Sunday, April 17, 2016

Red Sox in Cooperstown Pt. 17: Ted Williams

Years with Boston: 1939-1942, 1946-1960 (.344/.482/.634, 521 home runs, 1,839 RBIs)
Best Year in Boston: 1941 (.406/.553/.735, 37 home runs, 137 RBIs)
What is there really to say about Ted Williams?  There are multiple books already written about him.  I own several myself and just finished reading one a few weeks ago.  Ted Williams was, quite simply, the greatest player in Red Sox history.  He holds the all-time Major League record with an incredible .482 on-base percentage.  He also holds the team record for home runs in his career.  And of course, he was the last player to this date to hit over .400 in a season.  Williams is an inner-circle Hall of Famer.

Ted Williams arrived in the Majors in 1939 and immediately took the league by storm, hitting .327 and leading the league in RBIs with 145.  That happened as a rookie.  1940 saw his power numbers slip a little, but his rate stats improved.  Then of course in 1941, he hit .406 on the season.  He finished second in the MVP race to Joe DiMaggio.  He followed that up by winning the Triple Crown in 1942.  Somehow he missed out on the MVP award that season too.

Williams missed the next three seasons due to service in World War II but came back strong in 1946, leading the Red Sox to the World Series for the first time since 1918.  He was injured shortly before the World Series though and his injury hampered his ability to hit in the Series.  He did win his first league MVP in 1946 though.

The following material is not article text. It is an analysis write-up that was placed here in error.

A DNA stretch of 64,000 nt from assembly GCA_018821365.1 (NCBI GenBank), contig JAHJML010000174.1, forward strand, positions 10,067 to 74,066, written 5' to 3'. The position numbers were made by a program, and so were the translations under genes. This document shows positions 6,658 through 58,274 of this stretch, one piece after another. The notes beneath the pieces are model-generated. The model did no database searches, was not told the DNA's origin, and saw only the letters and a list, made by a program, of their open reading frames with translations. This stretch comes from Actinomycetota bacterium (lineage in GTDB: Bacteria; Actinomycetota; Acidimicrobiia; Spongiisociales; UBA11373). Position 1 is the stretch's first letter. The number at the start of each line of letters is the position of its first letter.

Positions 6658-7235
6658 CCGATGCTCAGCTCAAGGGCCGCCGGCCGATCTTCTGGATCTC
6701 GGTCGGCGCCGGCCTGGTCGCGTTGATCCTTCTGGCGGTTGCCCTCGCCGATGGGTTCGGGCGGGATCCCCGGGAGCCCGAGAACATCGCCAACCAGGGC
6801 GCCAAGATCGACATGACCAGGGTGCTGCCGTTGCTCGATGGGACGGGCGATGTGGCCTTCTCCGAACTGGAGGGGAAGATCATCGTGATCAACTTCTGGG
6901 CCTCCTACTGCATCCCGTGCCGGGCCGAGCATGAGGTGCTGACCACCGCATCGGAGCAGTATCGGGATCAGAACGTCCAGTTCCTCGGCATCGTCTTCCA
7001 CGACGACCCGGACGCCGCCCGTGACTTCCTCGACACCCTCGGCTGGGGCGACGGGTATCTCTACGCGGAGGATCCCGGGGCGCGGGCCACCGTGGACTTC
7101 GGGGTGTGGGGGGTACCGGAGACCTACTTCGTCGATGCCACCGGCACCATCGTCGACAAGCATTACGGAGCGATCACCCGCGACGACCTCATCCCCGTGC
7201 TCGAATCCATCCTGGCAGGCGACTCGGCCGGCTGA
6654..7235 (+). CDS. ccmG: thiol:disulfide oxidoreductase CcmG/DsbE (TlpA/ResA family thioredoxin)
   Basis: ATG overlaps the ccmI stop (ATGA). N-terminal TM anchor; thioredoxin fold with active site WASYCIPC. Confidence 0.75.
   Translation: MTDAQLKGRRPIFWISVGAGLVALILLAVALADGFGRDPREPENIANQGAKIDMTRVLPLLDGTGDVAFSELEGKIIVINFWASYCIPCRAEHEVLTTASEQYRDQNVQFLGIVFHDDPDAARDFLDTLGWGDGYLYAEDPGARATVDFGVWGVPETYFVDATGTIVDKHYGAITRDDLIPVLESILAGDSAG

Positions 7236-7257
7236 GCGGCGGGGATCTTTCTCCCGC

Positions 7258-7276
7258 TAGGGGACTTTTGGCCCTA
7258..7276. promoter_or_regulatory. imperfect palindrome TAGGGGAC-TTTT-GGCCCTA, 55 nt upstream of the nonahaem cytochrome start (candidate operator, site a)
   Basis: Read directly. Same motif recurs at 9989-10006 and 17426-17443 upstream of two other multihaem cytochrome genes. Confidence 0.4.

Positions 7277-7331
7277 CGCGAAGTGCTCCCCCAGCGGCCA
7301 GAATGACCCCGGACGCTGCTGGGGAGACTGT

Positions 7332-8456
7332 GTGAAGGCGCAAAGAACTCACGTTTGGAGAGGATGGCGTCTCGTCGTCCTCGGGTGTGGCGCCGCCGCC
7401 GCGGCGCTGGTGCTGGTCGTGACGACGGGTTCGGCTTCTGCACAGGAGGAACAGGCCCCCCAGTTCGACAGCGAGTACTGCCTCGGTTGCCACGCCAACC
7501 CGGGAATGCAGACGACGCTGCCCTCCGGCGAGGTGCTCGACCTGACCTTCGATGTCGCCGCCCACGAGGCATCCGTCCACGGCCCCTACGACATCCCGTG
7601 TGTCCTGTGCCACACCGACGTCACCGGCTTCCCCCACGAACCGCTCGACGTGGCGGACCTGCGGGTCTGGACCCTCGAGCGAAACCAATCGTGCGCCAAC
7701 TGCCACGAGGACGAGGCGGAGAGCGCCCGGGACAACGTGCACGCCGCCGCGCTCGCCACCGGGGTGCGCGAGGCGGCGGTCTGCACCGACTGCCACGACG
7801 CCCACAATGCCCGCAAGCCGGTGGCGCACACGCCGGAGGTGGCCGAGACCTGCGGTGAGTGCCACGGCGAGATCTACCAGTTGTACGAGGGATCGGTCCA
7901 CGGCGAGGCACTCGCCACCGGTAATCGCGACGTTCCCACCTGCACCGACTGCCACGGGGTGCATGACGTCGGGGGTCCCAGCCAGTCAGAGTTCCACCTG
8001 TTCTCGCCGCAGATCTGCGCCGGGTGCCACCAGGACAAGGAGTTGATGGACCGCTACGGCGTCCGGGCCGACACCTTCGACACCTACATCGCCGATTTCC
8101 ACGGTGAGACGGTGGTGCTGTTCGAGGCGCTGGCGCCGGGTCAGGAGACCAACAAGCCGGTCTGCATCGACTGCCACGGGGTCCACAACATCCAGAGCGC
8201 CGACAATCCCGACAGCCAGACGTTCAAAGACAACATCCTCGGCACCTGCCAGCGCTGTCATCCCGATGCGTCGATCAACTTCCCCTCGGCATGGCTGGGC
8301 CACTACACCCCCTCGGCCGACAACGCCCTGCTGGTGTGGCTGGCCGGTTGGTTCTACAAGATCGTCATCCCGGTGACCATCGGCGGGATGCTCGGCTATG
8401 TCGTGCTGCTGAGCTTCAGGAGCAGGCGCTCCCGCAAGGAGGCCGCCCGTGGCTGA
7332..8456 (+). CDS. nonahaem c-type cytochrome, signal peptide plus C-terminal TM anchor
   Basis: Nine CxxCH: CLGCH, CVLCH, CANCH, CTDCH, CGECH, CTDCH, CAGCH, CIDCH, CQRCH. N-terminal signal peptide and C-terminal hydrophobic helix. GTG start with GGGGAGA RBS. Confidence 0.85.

1947 saw Williams win his second Triple Crown, and once again, not win the MVP.  He won the batting title again in 1948 and the Red Sox lost in a one-game playoff to determine the league champions.  Then, in 1949, he finally won another MVP by leading the league in home runs and RBIs, while just missing out on the batting title.

In 1950, Williams suffered another injury that decreased his power for the rest of his career.  Williams was recalled to military service in the Korean War for much of the 1952 and 1953 seasons.  Williams once again came back strong in 1954.  Unfortunately, the Red Sox were no longer very good as a team and Williams was the major reason to watch the team.

After a few years of impressive hitting, Williams had a terrific season in 1957 that saw him just miss another .400 season, hitting .388, while also hitting 38 home runs.  He was second in the AL MVP vote that season too.  He won his sixth and final batting title in 1958, at the age of 40.  Williams had a lackluster year in 1959, but bounced back in a big way for his final season in 1960 and hit a home run in his final at-bat.

Williams was an easy choice for the Hall of Fame and sailed in on his first ballot.  He spent his entire playing career in Boston, winning two Triple Crowns, two MVPs (and should have won more if there had not been some bizarre voting), and six batting titles.  He was one of the greatest hitters, if not the greatest, to ever play the game.

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